Keep away from heat, hot surfaces, sparks, open flames and other ignition sources. No smoking. Keep container tightly closed. Use explosion-proof equipment. Use non-sparking tools. Take action to prevent static discharge. Avoid release to the environment. Wear protective gloves. IF ON SKIN (or hair): Take off immediately all contaminated clothing. Rinse affected areas with water. In case of fire: Use dry sand, dry chemical or alcohol-resistant foam for extinction. Store in a well-ventilated place. Keep cool.

Although the contents of each inner container may not be classified as hazardous in accordance with the GHS, and thus would not need to be identified, it may be identified with a statement such as “Not meeting classification criteria” or “Not classified as hazardous” so as to eliminate confusion on the part of the user if the contents of an inner container is omitted from the full label information.

The document containing the full GHS label information should be organized and printed in a format that allows the user to readily identify the information for each individual container. The visibility of the label elements should be ensured without the aid of any device other than corrective lenses. The approach of this scenario may become infeasible if, given the number of samples, required languages, and precautionary statements, the document grows so large it becomes difficult to locate quickly the label information for a particular inner container.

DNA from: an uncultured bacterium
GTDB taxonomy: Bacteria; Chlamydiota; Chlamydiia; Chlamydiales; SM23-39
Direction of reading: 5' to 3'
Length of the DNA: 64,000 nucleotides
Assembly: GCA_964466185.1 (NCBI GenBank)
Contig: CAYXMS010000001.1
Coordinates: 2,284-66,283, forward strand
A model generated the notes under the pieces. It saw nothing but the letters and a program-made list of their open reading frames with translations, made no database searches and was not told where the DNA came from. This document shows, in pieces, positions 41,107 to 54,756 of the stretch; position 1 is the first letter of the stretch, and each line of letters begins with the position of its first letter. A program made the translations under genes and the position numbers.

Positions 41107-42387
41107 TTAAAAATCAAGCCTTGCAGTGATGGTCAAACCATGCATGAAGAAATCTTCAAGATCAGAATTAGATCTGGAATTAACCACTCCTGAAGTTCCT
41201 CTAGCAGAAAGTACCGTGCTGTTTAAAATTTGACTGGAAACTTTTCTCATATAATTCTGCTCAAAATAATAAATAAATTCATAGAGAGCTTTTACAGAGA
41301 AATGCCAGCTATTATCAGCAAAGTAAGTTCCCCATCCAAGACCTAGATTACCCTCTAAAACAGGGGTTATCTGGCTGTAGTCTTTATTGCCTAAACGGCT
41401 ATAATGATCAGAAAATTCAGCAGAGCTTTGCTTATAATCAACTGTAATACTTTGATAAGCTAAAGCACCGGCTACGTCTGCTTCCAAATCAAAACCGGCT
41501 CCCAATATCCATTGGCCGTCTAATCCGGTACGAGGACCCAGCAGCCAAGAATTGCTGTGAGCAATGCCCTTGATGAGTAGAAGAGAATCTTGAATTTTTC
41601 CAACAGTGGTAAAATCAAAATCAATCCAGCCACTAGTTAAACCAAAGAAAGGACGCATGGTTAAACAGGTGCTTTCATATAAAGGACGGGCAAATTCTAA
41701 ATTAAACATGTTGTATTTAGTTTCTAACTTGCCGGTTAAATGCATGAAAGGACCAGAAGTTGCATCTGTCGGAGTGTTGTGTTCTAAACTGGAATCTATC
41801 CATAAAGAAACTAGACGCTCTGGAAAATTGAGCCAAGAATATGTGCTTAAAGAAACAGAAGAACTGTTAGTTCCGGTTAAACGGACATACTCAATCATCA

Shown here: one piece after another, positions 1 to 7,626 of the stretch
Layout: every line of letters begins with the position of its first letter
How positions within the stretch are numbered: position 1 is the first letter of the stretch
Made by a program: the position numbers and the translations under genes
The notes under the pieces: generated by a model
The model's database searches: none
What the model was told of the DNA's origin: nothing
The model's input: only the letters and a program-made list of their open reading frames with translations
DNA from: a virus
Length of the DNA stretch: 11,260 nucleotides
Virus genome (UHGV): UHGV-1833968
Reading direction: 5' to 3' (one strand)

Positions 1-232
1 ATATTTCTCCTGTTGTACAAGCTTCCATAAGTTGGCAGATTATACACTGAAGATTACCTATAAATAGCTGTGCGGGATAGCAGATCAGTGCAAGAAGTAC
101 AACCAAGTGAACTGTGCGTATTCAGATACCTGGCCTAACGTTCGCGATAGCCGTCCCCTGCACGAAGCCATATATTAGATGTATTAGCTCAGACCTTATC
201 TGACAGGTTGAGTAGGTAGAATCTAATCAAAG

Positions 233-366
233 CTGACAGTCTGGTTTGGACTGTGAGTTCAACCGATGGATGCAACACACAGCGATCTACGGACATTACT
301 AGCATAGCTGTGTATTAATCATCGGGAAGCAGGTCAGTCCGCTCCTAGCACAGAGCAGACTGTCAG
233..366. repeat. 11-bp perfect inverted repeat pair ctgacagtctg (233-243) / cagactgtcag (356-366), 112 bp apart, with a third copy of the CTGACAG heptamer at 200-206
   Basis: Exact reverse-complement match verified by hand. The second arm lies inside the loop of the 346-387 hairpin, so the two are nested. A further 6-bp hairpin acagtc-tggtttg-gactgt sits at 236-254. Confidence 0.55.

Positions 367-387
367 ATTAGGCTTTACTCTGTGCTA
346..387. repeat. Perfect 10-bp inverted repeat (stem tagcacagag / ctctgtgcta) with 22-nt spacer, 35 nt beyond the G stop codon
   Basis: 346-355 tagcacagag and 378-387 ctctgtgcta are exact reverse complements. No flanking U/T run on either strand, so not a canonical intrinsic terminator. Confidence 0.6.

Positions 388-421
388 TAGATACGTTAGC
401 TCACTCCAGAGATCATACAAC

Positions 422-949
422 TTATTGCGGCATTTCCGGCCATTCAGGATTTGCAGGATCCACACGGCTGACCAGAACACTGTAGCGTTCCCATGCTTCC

As shown to the right, full label information regarding each inner container is contained within the outer packaging.

The sheets of full label information are permanently connected to the inside of the combination packaging using a secure method of attachment (eg fold out label adhered to box tie or tag as shown).

Outer packaging label

The outer box, given the limited area for labelling, will display:

  • kit identifier (name of kit)

  • supplier identification (see 1.4.10.5.2(e))

  • storage and general precautionary statements for the kit as a whole

  • pictograms for each single hazardous substance or mixture, without duplication

  • signal word (the most stringent assigned to any component)

  • the statement “Read full label enclosed”.

Guidance on the identification of dust explosion hazards and the need for risk assessment, prevention, mitigation, and hazard communication.

A new annex, Annex 11 has been added to GHS - Guidance on other hazards not resulting in classification.

The guidance aims to provide information that facilitates the identification of hazards which do not result in classification, but which may need to be assessed and communicated.

And so covers a section on dust explosions – giving guidance on the factors that contribute to a dust explosion hazard and on hazard identification and the need for risk assessment, prevention, mitigation, and communication.

Conclusions

  • Revision 8 of GHS has been published.

  • It brings in changes that help to improve hazard communication.

  • New pictograms for “Keep out of reach of children” have been added.

  • Inconsistencies in the presentation of precautionary statements have been eliminated.

  • Additional clarity on the labelling requirements for sets or kits has been given through the use of examples.

Last reviewed 2 December 2019